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“Brenda’s Got a Baby”, Tupac


Much like the N.W.A, Tupac Shakur was committed to using his rap lyrics as a narrative to demonstrate the social injustices, immoral acts, and, social issues the government and media aimed to shield from sheltered communities. Ultimately he used his voice in Hip-Hop to encourage and produce Black Power. Even nineteen years after his murder, Tupac remains one of the most important and influential figures in rap music and Hip-Hop history.

2Pacalypse-Now-coverIn November 1991, when Tupac was only twenty-years-old he released his first solo album, “2pacalypse Now”. The tenth song featured on the album, “Brenda’s Got A Baby” became his first single. At this time, no male rapper had ever before narrated the problems young women were facing in poverty stricken communities, which makes the song such a powerful political statement. For the full lyrics refer to the bottom of the page.

Inspired by a tragic article from the New York Times, where a 12-year-old girl has given birth, as a result of many years suffering in poverty and alcohol/drug abusive homes.[1]

The narrative begins by introducing a young girl who’s pregnant and encounters a series of unfortunate events following the delivery. In doing this, Tupac attempts to illustrate the devastating and traumatic effects of poverty on young women. Through the lyrics, Tupac illustrates problems such as child molestation, prostitution, families taking advantages of families, and how an individual’s problems can affect an entire community. [2]

Through the lyrics, Tupac is attempting to explain that tragedies and cycles like this case are a common theme and have the ability to bring down everyone within the community. Brenda is symbolic of a problem that exists within every urban community in America, a problem that shouldn’t be ignored, but rather identified and solved.

The message and depiction of both the song and music video, created a lasting impact on not only the audience within these suffering communities, but those privileged on the outside. In using graphic lyrics, Tupac not only commended empathy, but he generated a voice powerful enough to raise social and political awareness.

While many appreciated Tupac’s music, the United States government and law enforcement officials found his messages controversial for associating power with violence.

In April 1992, a nineteen-year-old alleged crack dealer, Ronald Howard, shot a Texas trooper. When officers found “2pacalypse Now” in his tape deck, his attorney claimed the album incited him to do it. [3] After several different cases like this, the government made their opinion public when, Vice President Dan Quayle attacked Tupac’s music stating, “2pacalypse Now” has no place in our society”. [4]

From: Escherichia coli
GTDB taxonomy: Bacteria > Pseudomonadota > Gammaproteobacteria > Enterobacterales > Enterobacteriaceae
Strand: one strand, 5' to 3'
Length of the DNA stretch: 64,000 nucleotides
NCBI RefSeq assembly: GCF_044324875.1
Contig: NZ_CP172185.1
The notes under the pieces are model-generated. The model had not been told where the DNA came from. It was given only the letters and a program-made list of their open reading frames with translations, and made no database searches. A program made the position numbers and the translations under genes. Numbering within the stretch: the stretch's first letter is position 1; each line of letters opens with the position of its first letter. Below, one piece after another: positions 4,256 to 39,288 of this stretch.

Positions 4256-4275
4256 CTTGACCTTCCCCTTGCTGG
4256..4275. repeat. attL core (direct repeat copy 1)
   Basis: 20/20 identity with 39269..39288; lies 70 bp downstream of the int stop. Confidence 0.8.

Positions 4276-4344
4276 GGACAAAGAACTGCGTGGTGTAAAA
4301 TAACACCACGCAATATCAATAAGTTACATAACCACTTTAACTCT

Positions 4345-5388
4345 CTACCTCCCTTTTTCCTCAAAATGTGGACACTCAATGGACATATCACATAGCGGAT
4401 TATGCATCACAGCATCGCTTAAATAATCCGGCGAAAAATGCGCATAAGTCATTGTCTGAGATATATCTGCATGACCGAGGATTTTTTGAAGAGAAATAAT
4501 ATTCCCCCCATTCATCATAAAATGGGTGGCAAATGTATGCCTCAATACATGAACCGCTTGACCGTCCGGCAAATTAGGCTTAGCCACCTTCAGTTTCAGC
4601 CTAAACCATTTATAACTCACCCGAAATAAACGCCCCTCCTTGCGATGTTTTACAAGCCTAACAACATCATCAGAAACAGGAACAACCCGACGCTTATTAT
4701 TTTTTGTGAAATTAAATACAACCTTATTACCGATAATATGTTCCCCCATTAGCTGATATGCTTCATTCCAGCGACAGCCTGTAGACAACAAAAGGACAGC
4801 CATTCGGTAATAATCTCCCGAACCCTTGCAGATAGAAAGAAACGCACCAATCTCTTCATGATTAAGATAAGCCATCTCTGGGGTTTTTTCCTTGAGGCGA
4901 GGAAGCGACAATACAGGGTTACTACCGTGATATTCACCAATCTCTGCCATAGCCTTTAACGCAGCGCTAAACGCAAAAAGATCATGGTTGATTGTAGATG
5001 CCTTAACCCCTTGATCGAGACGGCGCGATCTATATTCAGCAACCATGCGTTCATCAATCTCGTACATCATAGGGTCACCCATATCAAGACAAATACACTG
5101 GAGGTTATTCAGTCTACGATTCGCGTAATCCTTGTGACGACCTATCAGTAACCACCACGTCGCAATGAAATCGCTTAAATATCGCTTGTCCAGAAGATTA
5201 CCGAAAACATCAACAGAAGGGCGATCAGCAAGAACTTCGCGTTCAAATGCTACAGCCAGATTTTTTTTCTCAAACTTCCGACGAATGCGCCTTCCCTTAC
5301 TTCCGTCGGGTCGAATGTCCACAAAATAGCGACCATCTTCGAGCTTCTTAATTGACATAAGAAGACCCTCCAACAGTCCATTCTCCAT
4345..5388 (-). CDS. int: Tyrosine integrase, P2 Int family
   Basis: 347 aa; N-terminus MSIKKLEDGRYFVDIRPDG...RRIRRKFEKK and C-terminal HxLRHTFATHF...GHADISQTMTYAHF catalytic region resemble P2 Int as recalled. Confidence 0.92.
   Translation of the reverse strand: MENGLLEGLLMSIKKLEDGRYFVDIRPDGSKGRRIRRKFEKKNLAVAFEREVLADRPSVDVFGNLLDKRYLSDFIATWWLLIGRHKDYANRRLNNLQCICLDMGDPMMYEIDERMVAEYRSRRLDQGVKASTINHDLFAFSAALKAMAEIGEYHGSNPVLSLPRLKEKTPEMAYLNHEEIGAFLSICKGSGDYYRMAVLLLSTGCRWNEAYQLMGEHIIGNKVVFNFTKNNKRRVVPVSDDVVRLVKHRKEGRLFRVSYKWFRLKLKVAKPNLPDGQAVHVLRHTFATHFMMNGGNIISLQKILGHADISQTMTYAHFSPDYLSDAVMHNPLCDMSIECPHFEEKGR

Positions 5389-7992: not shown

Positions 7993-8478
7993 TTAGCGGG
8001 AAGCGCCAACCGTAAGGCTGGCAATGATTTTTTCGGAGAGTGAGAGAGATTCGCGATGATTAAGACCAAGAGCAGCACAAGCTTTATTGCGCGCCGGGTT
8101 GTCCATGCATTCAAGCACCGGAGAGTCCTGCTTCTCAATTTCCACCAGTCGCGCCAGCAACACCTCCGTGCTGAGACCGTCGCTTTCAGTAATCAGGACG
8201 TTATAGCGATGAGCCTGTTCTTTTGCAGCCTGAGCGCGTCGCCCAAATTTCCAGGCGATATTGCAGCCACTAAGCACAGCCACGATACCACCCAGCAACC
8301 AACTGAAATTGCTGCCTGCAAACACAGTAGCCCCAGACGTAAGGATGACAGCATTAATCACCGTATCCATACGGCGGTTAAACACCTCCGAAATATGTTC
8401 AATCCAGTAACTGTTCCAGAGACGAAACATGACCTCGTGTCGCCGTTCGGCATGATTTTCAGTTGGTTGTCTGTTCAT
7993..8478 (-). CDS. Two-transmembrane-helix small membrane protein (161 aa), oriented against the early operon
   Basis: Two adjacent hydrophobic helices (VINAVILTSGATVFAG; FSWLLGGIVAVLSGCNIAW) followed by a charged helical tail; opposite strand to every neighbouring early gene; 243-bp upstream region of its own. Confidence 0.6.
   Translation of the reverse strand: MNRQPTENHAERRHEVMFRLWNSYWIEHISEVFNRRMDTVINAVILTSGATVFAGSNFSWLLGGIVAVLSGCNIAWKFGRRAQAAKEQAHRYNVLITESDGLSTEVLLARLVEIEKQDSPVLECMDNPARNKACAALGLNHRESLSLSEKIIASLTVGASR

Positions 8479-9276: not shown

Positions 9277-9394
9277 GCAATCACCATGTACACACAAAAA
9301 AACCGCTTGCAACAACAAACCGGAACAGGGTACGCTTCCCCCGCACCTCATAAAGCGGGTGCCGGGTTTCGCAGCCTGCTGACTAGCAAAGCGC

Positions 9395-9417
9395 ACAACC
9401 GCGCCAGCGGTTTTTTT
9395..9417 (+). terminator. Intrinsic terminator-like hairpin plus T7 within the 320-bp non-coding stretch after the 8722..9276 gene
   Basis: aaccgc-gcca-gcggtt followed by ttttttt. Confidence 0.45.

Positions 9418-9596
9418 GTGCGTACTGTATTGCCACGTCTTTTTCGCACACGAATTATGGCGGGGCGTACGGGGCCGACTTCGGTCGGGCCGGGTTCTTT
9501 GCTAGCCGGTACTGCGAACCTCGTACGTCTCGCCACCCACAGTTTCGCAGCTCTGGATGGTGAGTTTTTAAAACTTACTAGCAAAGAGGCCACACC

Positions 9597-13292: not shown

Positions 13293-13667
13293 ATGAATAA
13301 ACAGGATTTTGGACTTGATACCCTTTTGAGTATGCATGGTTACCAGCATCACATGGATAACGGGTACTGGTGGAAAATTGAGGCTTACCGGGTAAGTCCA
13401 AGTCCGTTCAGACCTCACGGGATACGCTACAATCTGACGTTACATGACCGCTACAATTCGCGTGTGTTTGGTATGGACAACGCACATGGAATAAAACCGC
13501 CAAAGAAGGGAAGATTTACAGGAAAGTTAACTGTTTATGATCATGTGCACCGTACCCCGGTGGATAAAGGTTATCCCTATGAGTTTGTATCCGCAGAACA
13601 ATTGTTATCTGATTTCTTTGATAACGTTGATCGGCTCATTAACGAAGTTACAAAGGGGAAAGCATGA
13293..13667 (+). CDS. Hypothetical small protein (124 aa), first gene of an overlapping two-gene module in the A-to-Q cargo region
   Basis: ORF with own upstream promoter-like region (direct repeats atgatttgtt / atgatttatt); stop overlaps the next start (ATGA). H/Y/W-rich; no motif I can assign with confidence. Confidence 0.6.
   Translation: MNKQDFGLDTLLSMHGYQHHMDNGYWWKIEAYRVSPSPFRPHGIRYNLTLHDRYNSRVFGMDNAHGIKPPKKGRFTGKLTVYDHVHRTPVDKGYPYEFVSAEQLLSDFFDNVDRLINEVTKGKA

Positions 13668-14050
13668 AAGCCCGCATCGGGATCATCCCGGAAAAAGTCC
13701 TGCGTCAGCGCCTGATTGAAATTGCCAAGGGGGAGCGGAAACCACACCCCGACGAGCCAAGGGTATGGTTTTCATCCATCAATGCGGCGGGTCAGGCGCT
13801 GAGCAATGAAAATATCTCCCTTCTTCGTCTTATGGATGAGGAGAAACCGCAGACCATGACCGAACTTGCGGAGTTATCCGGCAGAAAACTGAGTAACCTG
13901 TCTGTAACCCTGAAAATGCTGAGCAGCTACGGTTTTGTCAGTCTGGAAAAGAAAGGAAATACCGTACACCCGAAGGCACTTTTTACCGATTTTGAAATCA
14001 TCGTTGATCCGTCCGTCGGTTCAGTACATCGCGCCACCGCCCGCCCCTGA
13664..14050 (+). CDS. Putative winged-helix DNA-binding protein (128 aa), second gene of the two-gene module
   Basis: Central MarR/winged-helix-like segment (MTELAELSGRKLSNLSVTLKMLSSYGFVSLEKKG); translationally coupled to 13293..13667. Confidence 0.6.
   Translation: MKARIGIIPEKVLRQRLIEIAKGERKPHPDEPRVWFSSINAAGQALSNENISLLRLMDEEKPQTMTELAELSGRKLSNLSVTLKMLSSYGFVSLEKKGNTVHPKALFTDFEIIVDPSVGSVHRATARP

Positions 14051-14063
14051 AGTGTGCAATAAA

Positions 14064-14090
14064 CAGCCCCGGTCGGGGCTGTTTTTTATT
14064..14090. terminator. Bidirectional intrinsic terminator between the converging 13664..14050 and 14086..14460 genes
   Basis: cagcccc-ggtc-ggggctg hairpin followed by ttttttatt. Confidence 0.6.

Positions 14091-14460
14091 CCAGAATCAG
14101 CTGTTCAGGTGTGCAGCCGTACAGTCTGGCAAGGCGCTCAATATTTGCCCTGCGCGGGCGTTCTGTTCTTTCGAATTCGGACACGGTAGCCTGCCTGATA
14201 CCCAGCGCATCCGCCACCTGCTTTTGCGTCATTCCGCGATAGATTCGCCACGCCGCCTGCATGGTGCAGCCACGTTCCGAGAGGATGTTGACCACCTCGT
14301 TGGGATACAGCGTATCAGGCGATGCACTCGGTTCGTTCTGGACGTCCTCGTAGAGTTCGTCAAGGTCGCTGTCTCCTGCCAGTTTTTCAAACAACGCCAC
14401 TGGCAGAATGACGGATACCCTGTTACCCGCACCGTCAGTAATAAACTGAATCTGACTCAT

Throughout his career, Tupac was known as a conscious rapper. Each of his songs had a purpose, which is why he often would use vivid imagery and deep lyrics. Though they caused political controversy, he wanted his audience to have the experience and feel the pain; the narratives were about the society for society.

“Brenda’s Got A Baby”, Tupac

Brenda’s got a Baby

Brenda’s got a Baby

I hear Brenda’s got a baby

But, Brenda’s barely got a brain

A damn shame

The girl can hardly spell her name

(That’s not our problem, that’s up to Brenda’s family)

Well let me show ya how it affects the whole community

Now Brenda really never knew her moms and her dad was a


Went in death to his arms, it’s sad

Cause I bet Brenda doesn’t even know

Just cause your in the ghetto doesn’t mean ya can’t grow

But oh, that’s a thought, my own revelation

Do whatever it takes to resist the temptation

Brenda got herself a boyfriend

Her boyfriend was her cousin, now lets watch the joy end

She tried to hide her pregnancy, from her family

Who didn’t really care to see, or give a damn if she

Went out and had a church of kids

As long as when the check came they got first dibs

Now Brenda’s belly is gettin bigger

But no one seems to notice any change in her figure

She’s 12 years old and she’s having a baby

In love with the molester, who’s sexing her crazy

And yet she thinks that he’ll be with her forever

And dreams of a world with the two of them are together,


He left her and she had the baby solo, she had it on the

bathroom floor

And didn’t know so, she didn’t know, what to throw away and

what to keep

She wrapped the baby up and threw him in the trash heep

I guess she thought she’d get away

Wouldn’t hear the cries

She didn’t realize

How much the little baby had her eyes

Now the baby’s in the trash heep balling

Momma can’t help her, but it hurts to hear her calling

Brenda wants to run away

Momma say, you makin’ me lose pay, the social workers here


Now Brenda’s gotta make her own way

Can’t go to her family, they won’t let her stay

No money no babysitter, she couldn’t keep a job

She tried to sell crack, but end up getting robbed

So now what’s next, there ain’t nothing left to sell

So she sees sex as a way of leaving hell

It’s paying the rent, so she really can’t complain

Prostitute, found slain, and Brenda’s her name, she’s got a baby


(don’t you know she’s got a baby) x5


[1] Chris Hedges. “A Child-Mother in the Jaws of New York” The New York Times (1991).

[2] “Tupac: The Socially Conscious Rapper”, S.W.E.R.V.E. Magazine, accessed April 10, 2015.

[3] Chuck Philips, “Rap Defense Doesn’t Stop Death Penatly: ‘The music affected me’, says Ronald Ray Howard. ‘That’s how it was that night I shot the trooper.’ The Los Angeles Times (1993).

[4] Yvonne Bynoe, Encyclopedia of Rap and Hip Hop. (Greenwood Publishing: 2005).